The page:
Tune out, log in

PUBLISHED : Wednesday, 23 February, 2011, 12:00am
UPDATED : Wednesday, 23 February, 2011, 12:00am

In July 2009, in the wake of deadly ethnic rioting in Urumqi , China cut off internet access to parts of the city, and did not restore full access for 10 months. The ability to control the internet and block text messaging and mobile phone services, which can be used to organise protests, has become part of the armoury of authoritarian governments worldwide.

More recently, the Egyptian government succeeded in cutting off internet access in the country, but it did not save president Hosni Mubarak, who was forced to resign. Other governments in North Africa and the Middle East, which are similarly beset by protesters demanding political reform, are also manipulating the internet in an attempt to block communications by those organising the demonstrations.

Modern technology is a two-edged sword as far as governments are concerned: it can help a country in many ways, but, at the same time, it reduces a government's ability to control the information available to its people.

For years, governments have used radio broadcasts to get their message across, both to inform their own people and to influence those in foreign countries.

In the first decades of the People's Republic of China, it was a criminal offence to 'surreptitiously listen to enemy broadcasts', such as those of Voice of America or the BBC. To this day, the Chinese government goes to great lengths to prevent Western broadcasts from reaching its people. Last autumn, after Liu Xiaobo was awarded the Nobel Peace Prize, CNN was blacked out so that viewers in China could not receive the news.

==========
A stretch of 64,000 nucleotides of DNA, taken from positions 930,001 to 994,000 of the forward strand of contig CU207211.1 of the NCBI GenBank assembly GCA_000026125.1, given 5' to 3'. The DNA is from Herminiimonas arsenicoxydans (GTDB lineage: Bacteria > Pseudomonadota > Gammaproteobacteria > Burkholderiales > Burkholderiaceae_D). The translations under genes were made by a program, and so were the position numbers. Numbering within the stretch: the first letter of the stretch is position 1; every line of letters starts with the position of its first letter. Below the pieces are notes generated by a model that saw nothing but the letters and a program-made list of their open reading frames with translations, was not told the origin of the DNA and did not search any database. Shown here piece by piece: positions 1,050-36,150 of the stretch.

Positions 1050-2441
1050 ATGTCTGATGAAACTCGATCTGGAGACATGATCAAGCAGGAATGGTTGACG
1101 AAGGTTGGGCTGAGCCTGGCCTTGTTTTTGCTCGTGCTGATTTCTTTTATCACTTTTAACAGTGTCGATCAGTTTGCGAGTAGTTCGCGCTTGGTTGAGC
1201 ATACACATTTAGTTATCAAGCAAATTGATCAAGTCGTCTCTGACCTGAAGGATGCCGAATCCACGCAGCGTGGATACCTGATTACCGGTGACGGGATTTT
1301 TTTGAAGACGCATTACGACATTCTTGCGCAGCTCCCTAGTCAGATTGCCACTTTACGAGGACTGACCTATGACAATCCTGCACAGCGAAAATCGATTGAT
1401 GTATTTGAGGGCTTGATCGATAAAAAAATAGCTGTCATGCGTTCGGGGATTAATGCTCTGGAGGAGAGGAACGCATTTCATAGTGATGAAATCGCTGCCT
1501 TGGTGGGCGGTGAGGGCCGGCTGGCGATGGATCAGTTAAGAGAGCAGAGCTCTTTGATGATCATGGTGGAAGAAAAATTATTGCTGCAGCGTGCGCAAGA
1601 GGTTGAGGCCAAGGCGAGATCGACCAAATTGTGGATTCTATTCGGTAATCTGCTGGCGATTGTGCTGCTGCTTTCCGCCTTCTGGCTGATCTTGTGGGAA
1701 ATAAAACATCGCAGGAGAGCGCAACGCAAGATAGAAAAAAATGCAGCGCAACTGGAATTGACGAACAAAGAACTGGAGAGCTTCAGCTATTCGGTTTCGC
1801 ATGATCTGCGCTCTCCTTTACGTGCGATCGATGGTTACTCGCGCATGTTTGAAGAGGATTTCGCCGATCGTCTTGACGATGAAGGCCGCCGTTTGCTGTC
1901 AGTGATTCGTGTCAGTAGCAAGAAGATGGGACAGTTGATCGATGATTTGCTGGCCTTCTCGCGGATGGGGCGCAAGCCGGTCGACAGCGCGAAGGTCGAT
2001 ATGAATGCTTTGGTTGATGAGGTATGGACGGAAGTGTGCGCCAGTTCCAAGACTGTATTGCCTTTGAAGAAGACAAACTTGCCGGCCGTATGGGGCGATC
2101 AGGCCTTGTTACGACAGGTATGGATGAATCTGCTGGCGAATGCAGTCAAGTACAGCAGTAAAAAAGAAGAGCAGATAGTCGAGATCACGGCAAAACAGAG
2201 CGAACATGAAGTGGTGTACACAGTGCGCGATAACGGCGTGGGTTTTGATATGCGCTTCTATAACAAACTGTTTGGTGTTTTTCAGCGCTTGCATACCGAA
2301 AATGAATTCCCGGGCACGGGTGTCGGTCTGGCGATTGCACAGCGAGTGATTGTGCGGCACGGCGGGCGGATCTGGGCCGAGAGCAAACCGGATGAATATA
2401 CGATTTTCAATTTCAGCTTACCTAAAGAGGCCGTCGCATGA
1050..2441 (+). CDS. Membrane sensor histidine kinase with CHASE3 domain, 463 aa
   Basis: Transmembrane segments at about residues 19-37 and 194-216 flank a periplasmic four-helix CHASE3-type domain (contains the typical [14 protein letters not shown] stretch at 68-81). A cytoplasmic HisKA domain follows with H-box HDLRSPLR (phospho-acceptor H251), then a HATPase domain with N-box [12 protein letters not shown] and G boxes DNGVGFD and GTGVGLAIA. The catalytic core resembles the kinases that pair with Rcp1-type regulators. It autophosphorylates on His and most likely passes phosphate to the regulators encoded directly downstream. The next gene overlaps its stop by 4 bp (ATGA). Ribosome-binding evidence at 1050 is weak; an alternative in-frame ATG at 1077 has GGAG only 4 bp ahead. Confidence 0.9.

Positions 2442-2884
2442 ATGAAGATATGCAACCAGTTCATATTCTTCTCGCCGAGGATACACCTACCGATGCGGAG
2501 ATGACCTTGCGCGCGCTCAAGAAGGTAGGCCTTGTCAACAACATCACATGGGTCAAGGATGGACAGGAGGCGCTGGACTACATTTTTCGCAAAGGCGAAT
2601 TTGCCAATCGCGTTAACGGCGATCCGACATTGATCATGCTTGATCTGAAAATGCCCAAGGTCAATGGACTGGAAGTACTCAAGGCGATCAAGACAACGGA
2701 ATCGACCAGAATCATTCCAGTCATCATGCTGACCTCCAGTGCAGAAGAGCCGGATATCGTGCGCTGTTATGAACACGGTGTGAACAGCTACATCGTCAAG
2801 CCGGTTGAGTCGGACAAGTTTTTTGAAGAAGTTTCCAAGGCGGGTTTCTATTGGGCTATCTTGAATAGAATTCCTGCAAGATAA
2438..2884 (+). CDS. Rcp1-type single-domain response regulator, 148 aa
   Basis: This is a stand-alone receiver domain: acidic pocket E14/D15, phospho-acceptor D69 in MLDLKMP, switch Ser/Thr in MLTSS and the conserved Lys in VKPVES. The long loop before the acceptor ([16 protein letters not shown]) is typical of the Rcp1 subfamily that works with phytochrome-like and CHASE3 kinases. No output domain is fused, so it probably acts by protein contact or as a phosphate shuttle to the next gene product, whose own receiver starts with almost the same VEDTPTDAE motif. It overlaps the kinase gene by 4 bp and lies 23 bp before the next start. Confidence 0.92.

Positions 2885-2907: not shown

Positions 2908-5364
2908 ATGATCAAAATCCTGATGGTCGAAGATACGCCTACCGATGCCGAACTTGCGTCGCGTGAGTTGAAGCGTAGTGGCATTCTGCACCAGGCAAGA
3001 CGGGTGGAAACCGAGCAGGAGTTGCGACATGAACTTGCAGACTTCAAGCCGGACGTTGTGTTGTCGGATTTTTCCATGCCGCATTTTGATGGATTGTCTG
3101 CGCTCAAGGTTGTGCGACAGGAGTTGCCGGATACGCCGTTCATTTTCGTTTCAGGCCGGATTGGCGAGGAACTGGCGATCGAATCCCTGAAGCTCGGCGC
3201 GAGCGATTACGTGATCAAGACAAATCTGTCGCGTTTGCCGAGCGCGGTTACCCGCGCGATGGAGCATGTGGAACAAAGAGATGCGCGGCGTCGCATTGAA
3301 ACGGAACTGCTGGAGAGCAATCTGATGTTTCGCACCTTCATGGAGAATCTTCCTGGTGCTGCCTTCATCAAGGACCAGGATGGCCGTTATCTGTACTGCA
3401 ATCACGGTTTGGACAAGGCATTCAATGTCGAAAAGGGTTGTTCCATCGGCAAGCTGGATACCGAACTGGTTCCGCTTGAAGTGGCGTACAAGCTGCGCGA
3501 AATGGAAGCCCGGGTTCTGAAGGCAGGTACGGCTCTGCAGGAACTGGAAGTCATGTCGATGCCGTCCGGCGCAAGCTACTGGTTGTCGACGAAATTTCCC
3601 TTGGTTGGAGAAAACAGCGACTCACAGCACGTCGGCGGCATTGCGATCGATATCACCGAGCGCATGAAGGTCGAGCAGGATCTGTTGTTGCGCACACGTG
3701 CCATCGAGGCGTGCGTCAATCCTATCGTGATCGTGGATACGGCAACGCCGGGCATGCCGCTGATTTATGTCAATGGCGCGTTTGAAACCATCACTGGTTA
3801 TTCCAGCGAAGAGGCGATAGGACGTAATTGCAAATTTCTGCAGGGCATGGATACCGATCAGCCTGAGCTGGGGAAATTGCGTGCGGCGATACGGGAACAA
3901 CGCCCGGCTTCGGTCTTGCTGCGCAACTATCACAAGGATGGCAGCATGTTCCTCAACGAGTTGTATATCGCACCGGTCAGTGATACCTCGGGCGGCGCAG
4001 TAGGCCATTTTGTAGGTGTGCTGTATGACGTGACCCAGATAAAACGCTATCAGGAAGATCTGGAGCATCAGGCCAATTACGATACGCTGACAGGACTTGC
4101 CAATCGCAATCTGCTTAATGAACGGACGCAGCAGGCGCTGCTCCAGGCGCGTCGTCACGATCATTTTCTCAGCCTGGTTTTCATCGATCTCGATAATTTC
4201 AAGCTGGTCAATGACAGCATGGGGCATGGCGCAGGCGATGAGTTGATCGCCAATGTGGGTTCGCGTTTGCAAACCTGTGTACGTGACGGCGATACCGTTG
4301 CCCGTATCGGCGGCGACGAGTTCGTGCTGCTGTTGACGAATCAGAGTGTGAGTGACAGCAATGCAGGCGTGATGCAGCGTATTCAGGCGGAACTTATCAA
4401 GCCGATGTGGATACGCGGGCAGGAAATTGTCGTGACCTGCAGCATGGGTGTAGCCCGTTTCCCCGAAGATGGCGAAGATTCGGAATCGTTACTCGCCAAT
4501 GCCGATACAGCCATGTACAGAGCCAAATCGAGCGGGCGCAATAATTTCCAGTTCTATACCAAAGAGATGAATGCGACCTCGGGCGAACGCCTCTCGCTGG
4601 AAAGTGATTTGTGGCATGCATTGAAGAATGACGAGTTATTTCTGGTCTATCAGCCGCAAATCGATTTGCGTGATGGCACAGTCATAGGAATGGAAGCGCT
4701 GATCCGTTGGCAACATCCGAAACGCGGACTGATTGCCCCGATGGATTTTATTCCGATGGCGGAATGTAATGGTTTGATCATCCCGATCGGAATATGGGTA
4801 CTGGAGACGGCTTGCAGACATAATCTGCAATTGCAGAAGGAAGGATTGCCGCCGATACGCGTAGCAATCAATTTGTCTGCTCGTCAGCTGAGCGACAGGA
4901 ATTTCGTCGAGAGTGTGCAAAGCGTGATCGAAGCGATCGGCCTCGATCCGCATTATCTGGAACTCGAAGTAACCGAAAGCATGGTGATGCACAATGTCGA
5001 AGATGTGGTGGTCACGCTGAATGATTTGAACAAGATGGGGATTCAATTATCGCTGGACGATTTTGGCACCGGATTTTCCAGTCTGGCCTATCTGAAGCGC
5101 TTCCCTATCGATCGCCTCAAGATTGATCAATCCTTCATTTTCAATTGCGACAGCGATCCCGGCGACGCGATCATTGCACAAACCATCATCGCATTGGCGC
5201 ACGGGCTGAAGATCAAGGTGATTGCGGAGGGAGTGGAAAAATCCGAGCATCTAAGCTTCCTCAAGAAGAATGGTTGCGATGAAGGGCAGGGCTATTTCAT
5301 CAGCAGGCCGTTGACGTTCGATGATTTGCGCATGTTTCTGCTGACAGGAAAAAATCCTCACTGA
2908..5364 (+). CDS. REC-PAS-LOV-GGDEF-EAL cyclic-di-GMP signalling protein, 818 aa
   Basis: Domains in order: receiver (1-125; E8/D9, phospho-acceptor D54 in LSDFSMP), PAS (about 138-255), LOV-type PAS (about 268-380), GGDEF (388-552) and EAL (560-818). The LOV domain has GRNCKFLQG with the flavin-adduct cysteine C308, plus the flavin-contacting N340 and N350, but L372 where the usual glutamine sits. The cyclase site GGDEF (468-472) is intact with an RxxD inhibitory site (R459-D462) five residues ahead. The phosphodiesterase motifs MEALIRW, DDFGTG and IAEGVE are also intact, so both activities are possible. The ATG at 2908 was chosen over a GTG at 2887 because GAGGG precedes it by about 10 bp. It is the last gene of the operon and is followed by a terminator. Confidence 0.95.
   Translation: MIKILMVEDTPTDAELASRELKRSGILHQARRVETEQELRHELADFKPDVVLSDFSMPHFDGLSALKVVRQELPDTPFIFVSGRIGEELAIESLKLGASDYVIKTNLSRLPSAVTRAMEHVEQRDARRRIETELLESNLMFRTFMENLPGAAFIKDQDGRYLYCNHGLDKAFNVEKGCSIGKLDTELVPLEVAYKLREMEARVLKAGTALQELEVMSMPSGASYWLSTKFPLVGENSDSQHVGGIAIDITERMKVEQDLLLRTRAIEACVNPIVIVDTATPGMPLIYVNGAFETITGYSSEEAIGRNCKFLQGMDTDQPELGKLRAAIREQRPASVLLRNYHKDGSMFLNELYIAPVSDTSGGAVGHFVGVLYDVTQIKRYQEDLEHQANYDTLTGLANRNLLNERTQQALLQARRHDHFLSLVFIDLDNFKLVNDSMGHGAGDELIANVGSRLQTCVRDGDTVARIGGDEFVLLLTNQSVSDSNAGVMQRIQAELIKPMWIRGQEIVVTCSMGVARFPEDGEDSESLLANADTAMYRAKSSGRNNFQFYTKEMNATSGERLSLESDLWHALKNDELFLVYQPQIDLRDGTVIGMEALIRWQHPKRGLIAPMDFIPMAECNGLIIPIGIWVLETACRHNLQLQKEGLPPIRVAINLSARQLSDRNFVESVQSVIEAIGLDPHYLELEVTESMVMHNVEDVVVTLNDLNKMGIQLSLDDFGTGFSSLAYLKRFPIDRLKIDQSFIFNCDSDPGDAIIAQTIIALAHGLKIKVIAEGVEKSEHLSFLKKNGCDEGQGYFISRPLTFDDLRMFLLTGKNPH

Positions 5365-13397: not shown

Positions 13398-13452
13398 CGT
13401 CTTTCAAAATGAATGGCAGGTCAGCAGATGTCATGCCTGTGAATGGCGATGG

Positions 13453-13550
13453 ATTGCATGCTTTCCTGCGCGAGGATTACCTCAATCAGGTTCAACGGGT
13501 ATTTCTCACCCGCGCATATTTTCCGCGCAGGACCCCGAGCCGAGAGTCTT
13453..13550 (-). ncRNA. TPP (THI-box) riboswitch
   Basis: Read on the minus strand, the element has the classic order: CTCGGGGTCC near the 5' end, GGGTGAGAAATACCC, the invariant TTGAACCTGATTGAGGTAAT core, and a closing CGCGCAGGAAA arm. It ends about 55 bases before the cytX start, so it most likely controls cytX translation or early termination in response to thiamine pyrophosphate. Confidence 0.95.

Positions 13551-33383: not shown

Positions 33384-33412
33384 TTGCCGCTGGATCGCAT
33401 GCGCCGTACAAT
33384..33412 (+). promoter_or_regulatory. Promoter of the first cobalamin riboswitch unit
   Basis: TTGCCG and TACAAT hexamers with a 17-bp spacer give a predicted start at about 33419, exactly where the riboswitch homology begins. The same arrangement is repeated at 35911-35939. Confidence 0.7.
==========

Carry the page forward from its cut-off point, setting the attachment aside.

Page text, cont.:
China scored a major victory in the battle of the airwaves late last month when the BBC announced that its World Service was cutting 650 jobs, more than a quarter of the total, and, as a result, there would be no more radio programming in Putonghua, Russian and some other languages. Then, this month, the US government's Broadcasting Board of Governors announced that Voice of America will cease radio and television broadcasting in Putonghua, although Chinese-language broadcasts by Radio Free Asia would continue.

While the silencing of the BBC and Voice of America was dictated primarily by budget cuts, it also reflected China's success in jamming short-wave radio, thus reducing the audience on the mainland so those organisations could no longer justify spending the resources in hard times.

And, at a time when the US and Britain are cutting back on Chinese-language broadcasts, China is stepping up its broadcasts around the world. In November, Xinhua, China's official news agency, launched 24-hour English programmes via satellite from its office in New York, which are beamed throughout North America.

But the West is not throwing in the towel just yet. Instead, it is shifting to a different platform. As British Foreign Secretary William Hague said while defending the move to cut radio programming, the BBC is moving 'to online and mobile services - that is the way the world is going'.

And US Secretary of State Hillary Rodham Clinton last week announced a programme to help 'people in oppressive internet environments get around filters, stay one step ahead of the censors, the hackers, and the thugs who beat them up or imprison them for what they say online'.

'The internet,' she said, 'has become the public space of the 21st century - the world's town square, classroom, marketplace, coffee house and nightclub.'

So the battle goes on. And, no doubt, China will counter the online assault just as it did the one on the airwaves.

But in the end, the issue is the message itself. Protesters in different countries are calling for democracy. There are no demonstrators calling for democratic governments to be replaced by authoritarian ones. And that message is certainly potent, regardless of whether it is carried on old-fashioned radio broadcasts or by new media forms.

Frank Ching is a Hong Kong-based writer and commentator. Follow him on Twitter: @FrankChing1